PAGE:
Not quite, although I hesitate to speak for FP. The nobleness lies in the sufferer not in the suffering. The issue here is not whether one’s demeanour is enhanced by suffering but whether one becomes a better person because of it (and this, to answer your opening question, is the worth that there is from suffering). And the evidence that suffering can lead to the moral betterment of the sufferer is considerable; it would be dishonest to dismiss it.

    -

    “But your main aim is quite repressive, you want everyone whether they buy into your creed or not to follow your precepts.”

    No, on the contrary FP is merely articulating her views. You are free to disagree with them; indeed you have. How have you been repressed? (I return to this below.)

    -

    “If the law is changed to allow assisted suicide then protections can be put in place to prevent any misuse.”

    Growing evidence from countries where euthanasia is legal and lack of naiveté about human behaviour make me (and many others) very skeptical that any protection would prevent misuse, and this is a very reasonable skepticism.

    -

    “Atheists and humanists are not asking you to end your life and I fail to see why I should be governed by your beliefs.”

    First, that suffering can better people, is not merely a “belief” but a view with considerable evidence behind it. Thus we are asking you, not to be governed by our beliefs, but to govern yourself in light of reality. To explore some of the evidence I suggest reading the (auto)biographies of some of the great men and women who have suffered greatly and hear from them how they view their own suffering. I suggest Victor Frankl and Corrie ten Boom (both Holocaust survivors), Gandhi, Martin Luther King and Nelson Mandela.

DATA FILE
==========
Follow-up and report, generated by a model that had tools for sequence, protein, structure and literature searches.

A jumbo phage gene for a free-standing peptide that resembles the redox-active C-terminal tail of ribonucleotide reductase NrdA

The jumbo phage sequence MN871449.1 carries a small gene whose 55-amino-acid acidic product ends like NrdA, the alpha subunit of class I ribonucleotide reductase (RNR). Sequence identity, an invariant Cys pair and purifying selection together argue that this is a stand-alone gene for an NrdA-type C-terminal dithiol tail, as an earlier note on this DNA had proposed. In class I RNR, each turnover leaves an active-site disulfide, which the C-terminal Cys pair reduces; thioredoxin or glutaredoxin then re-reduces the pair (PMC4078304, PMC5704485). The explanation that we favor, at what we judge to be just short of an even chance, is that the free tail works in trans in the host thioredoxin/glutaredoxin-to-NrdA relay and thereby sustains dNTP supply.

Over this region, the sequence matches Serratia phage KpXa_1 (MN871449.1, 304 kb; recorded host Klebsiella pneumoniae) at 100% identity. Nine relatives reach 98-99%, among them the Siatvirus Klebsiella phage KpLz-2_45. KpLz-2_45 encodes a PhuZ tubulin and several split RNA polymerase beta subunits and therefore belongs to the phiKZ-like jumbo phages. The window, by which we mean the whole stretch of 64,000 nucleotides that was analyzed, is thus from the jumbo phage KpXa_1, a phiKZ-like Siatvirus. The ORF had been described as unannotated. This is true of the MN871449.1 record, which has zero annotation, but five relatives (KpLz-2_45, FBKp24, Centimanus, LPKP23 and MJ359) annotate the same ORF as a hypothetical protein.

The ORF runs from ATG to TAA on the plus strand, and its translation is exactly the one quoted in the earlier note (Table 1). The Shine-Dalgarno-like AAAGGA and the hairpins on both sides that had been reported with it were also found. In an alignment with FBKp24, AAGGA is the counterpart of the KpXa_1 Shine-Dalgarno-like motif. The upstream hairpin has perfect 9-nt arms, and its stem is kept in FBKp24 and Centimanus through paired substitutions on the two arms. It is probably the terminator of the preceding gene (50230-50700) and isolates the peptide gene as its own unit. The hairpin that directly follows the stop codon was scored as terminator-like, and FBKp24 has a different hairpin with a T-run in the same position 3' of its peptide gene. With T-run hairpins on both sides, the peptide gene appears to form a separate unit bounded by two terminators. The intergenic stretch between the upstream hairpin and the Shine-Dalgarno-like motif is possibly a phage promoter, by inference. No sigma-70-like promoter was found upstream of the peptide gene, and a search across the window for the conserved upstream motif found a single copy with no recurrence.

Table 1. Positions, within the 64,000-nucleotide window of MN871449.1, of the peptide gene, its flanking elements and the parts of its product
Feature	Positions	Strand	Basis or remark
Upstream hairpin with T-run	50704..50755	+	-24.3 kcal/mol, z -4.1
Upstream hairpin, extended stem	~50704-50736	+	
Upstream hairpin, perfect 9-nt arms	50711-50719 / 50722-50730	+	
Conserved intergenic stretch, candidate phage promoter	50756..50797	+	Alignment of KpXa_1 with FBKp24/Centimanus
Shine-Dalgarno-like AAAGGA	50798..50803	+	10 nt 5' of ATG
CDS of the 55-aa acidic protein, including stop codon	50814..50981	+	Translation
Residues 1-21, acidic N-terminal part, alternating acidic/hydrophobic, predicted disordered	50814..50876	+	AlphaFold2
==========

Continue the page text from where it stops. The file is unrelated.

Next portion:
Second, legalising euthanasia would not just permit some actions. By saying that some actions are legally permissible would change the legal landscape of society. Indeed you implicitly recognise this yourself by bringing up the matter of protections to prevent misuse. If those who disagree with euthanasia are unaffected by legalising euthanasia what need for such  protections? But in speaking of protection against misuse you recognise that those who do not want to be euthanised might be affected by euthanasia being legalised. Thus they are stakeholders.

  • Fr Thomas Poovathinkal

    WHEREVER THE CRUCIFIED AND RISEN LORD JESUS IS NOT KNOWN AND BELIEVED IN EASY

    SOLUTIONS CROP UP. PURE PAGANISM! THOSE WHO PRACTISE MERE PRIEST-CRAFT ARE

    RESPONSIBLE FOR THIS KIND OF AFFAIRS.

    ONE OF THE BEST-KNOWN EXAMPLE OF GOOD CHRISTIAN DEATH (JESUS DYING ON THE

    CROSS  – THE TYPE) IN MODERN TIMES IS THAT OF BLESSED JOHN PAUL SECOND.